Any input/clarification woudl be appreciated. In our environment, we are only using the OnAccess Scanner and only the All Process Policy and have that set to only scan on Writes. According to Microsoft Guidance for Anti-Virus exclusions, they have a section titled Processes to Exclude from Virus Scanning and have the following listed.
%ProgramFiles%\Microsoft SQL Server\<Instance_ID>.<Instance Name>\MSSQL\Binn\SQLServr.exe
We run multiple instances and versions on our server, and I'm being asked to provide the full path to the SQLServer.exe for all instances. Although I can get the list pretty easily, I'm questioning if doing this will have any impact as I think they are mis-interpreting the guidance.
My belief is that because we are usiing the all-processes policy, then the SQLServer.exe is included by default and does not need to be listed as an exclusion. Plus the policy is to only Scan on Writes, and we won't ever write the SQLServer.exe. They are reluctant to enable the Low-Risk and High-Risk profiles, but if then did, then SQLServer.exe should be added to the Low-Risk. Yet that is still different then adding it to the exclusion list.
I know providing them with the full path that they are asking for is the easy thing to do, yet I think it is just cluttering up the exclusion list and confusing people on what they think might or might not be happening.
Another reason for not adding it is that they already have the full path to the instance defined with exclude all subfolders...
%ProgramFiles%\Microsoft SQL Server\<Instance_ID>.<Instance Name>\MSSQL\
Which again I believe would be enough to ignore a scan on the SQLServer.exe
Rich topic that is prone to misunderstandings.
There is a slew of KB's becuase of this on the topic.
I'd recomend this one, as it has a video
If your using "All Process Policy" that means All Procceses are scanned with One profile.
With that said, only Scanning on Write, is a touchy topic 🙂
See full reason here from William Warren blog here:
Attempting to give a short answer i'll quote an Except from a post by rmetzger
Quoting William Warren's Blog:
William Warren speaks at greater length on this in his blogs and I would highly recommend reading his info.
If performance is the issue you wish to address, there are many means available that can improve performance while leaving Scan on Read Enabled.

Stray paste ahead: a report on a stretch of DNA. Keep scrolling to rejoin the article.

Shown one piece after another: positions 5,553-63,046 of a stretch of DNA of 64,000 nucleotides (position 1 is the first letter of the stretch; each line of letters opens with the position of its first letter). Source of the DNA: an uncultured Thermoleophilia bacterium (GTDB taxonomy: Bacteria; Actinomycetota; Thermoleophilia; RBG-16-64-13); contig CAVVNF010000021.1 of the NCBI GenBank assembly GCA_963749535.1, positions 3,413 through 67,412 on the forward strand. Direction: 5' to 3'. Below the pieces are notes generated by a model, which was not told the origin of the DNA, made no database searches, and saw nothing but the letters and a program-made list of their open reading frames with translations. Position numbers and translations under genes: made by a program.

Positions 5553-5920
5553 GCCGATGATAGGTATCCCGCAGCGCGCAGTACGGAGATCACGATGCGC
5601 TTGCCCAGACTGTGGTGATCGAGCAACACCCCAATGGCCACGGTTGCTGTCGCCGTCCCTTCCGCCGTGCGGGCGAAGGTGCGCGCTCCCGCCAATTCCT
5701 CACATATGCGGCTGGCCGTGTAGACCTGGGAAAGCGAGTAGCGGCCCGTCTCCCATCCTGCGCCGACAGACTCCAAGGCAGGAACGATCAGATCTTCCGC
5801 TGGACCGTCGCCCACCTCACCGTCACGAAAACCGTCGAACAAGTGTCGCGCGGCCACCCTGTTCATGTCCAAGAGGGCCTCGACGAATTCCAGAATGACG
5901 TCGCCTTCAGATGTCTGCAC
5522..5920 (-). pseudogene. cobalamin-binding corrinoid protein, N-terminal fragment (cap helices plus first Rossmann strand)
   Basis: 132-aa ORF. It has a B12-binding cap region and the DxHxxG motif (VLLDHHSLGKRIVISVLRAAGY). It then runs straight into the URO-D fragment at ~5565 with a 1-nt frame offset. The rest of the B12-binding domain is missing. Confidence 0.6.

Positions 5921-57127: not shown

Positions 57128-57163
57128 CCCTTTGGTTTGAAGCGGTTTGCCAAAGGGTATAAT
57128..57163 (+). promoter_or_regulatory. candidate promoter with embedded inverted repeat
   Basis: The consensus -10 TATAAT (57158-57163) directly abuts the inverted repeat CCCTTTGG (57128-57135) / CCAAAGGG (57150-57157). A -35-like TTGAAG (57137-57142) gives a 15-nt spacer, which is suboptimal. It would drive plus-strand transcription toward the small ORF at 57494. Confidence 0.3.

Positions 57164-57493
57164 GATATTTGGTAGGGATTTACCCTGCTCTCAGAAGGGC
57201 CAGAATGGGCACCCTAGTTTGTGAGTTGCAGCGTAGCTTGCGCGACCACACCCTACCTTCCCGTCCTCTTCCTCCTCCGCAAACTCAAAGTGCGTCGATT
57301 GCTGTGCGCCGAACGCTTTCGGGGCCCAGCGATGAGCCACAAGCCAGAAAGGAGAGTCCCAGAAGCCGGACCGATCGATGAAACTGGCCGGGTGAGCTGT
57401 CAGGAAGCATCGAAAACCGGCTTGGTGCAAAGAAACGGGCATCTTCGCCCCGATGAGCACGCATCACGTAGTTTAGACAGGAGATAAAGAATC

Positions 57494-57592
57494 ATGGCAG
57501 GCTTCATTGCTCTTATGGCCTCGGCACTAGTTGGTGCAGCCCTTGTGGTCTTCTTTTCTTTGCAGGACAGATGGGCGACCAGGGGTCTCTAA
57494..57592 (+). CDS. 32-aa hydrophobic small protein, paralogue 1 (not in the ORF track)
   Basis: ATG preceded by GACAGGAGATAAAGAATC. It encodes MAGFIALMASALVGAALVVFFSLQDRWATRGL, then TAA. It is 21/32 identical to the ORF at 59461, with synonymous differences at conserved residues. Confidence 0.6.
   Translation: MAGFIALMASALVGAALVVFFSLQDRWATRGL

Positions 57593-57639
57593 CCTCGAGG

Enable use of High and Low
Turn off read and write scanning for low Risk
And add the Process name SQLServr.exe as a Low risk Process
(look at turning back on Read scanning for Default and leave on for sure in High Risk.)
Add path\patern exclusions to High and default.
Look at a migration plan to ENS where a trust model is used for scan avoidance.
dmcgeary thanks for the through reply. I have now watched that video 3 times. It is the reason I'm questioning the way we are implementing exclusions. I'm not in control of the way we implement the virus scan, but I have suggested the use of Low and High risk profiles. The group responsible has said this is a new feature that they are not familiar with and they will review the use in the future, but right now they are confident the exclusions they have are working as desired.
Can I ask a simpilier follow up question... The guidance from Microsoft where it says Processes to exclude from virus scanning... It lists the full path to the 3 SQL exe's. The team here is assuming that by putting the full path to the exe in the exclusion list that they are meeting the guidance from Microsoft and that it will be treated as a 'process' versus simply a file exclusion when the the .exe is read and written. Does putting in the full path to the .exe in the exclusions mean that VirusScan will treat the process as a Process and exclude any read or writes that exe does from scanning?
The link to the PDF has been updated:
KB: How to improve performance with Endpoint Security 10.x
KB: Consolidated list of Endpoint Security and VirusScan Enterprise exclusion articles